In what could be one of the most important events towards AI’s integration into human lifestyles and creativity, Japanese author Rie Kudan recently won one of Japan’s most prestigious literary awards, the Akutagawa Prize, even after admitting that around 5 per cent of her book Tokyo-to Dojo-to was verbatim generated by ChatGPT! Kudan claimed she resorted to AI in order to find “soft and fuzzy words” that captured the muddled themes about justice that ran throughout her book, which the prize judges deemed “flawless.”

Even if AI may not have made a big enough contribution to Kudan’s book, it’s crucial that the selection committee didn’t find anything wrong with her use of AI. This happened during a period when a lot of creatives believed AI technology threatened their livelihoods, a kind of pervasive worry and apprehension that was partially reflected in the recent historical strikes by Hollywood actors and screenwriters.

The New York Times book critic, AO Scott, wrote in December that he believed using AI in writing was a gimmick as well as a mortal threat to literature. As “the latest iteration of an ancient literary conceit: the fantasy of a co-author, a confidant, a muse,” some people have embraced AI, according to Scott. However, how can morality and reality be balanced? Some in the literary community have been warning about using AI text generators since their inception. Prior to Kudan, in October, an AI-generated novel titled Land of Memories was created in three hours by a professor at Tsinghua University of Beijing, and it went on to win a prize in the Jiangsu Youth Popular Science Science Fiction Competition.

Although Kudan stated that she would like to work well with AI to express her creativity, in contrast, last April, German photographer Boris Eldagsen became a whistle-blower when he didn’t accept the Sony World Photography Award after revealing his prize-winning entry was created using AI. In the academic world, several journals have now made it mandatory that AI cannot be a co-author of a research publication, despite the fact that ChatGPT was listed as a co-author on many research papers published in late 2022 and early 2023. In general, it appears that people are unsure about whether or how to embrace AI.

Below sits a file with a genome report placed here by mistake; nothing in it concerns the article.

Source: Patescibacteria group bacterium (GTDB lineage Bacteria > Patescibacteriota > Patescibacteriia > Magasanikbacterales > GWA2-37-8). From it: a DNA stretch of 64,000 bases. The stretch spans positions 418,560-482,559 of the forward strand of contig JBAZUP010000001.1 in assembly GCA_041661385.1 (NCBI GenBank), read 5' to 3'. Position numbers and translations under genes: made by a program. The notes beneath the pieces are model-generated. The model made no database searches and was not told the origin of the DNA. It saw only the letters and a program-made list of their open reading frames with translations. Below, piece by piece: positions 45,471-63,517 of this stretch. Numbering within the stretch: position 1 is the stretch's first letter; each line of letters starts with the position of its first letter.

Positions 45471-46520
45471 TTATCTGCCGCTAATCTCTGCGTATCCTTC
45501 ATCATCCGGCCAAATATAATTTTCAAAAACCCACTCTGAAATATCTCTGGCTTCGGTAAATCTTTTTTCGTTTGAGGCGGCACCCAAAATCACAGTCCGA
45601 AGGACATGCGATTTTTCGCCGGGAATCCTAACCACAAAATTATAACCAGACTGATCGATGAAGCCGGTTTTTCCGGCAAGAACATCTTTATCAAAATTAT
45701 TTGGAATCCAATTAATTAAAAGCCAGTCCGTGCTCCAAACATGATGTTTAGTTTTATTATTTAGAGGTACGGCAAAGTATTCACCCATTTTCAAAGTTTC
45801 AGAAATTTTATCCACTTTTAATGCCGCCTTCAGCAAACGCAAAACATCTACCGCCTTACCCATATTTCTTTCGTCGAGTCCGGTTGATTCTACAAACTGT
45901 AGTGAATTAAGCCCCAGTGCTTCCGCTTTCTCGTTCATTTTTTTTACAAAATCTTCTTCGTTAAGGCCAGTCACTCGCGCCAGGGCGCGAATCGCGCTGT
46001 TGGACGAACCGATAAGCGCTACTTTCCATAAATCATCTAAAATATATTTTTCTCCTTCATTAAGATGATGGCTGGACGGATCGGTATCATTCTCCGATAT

Faster divergence

However, since we are already in the AI era and, in many ways, the difference between AI and human capacities will diverge much faster than we can anticipate, the natural question is how to leverage AI in our lives for our mere survival. In 1997, IBM’s supercomputer Deep Blue defeated world chess champion Garry Kasparov, signalling the beginning of AI’s ascendancy over humanity. Two decades later, in contrast to many detractors who see AI as a threat, Kasparov argues in his 2017 book Deep Thinking that humanity should embrace rather than fear its most exceptional creations in order to achieve greater heights.

The way that different societies handle AI-generated art legally varies, though. A Beijing court recently granted copyright protection to an image produced by the AI text-to-image generator Stable Diffusion, finding that the artwork was “directly created from the plaintiff’s intellectual input” and “manifested in individual expression.” Has the lawsuit paved the way for other “half-human, half-AI works” to obtain intellectual property rights? However, according to the US Copyright Office, AI-generated images are “not the product of human authorship.” And the highest court in Britain recently decided that “an inventor must be a person” in order to apply for patents.

But as handicrafts are not completely replaced by industrial automation, the idea that literature will be absorbed by massive language models may be exaggerated. However, the dispute intensifies. AI must be integrated by society in both the context of lifestyles and human creativity, today or tomorrow. We also have a responsibility to safeguard human creativity against significant contamination. And at this crucial juncture in human history, the judiciary and lawmakers would play a significant role as policymakers.

The writer is Professor of Statistics, Indian Statistical Institute, Kolkata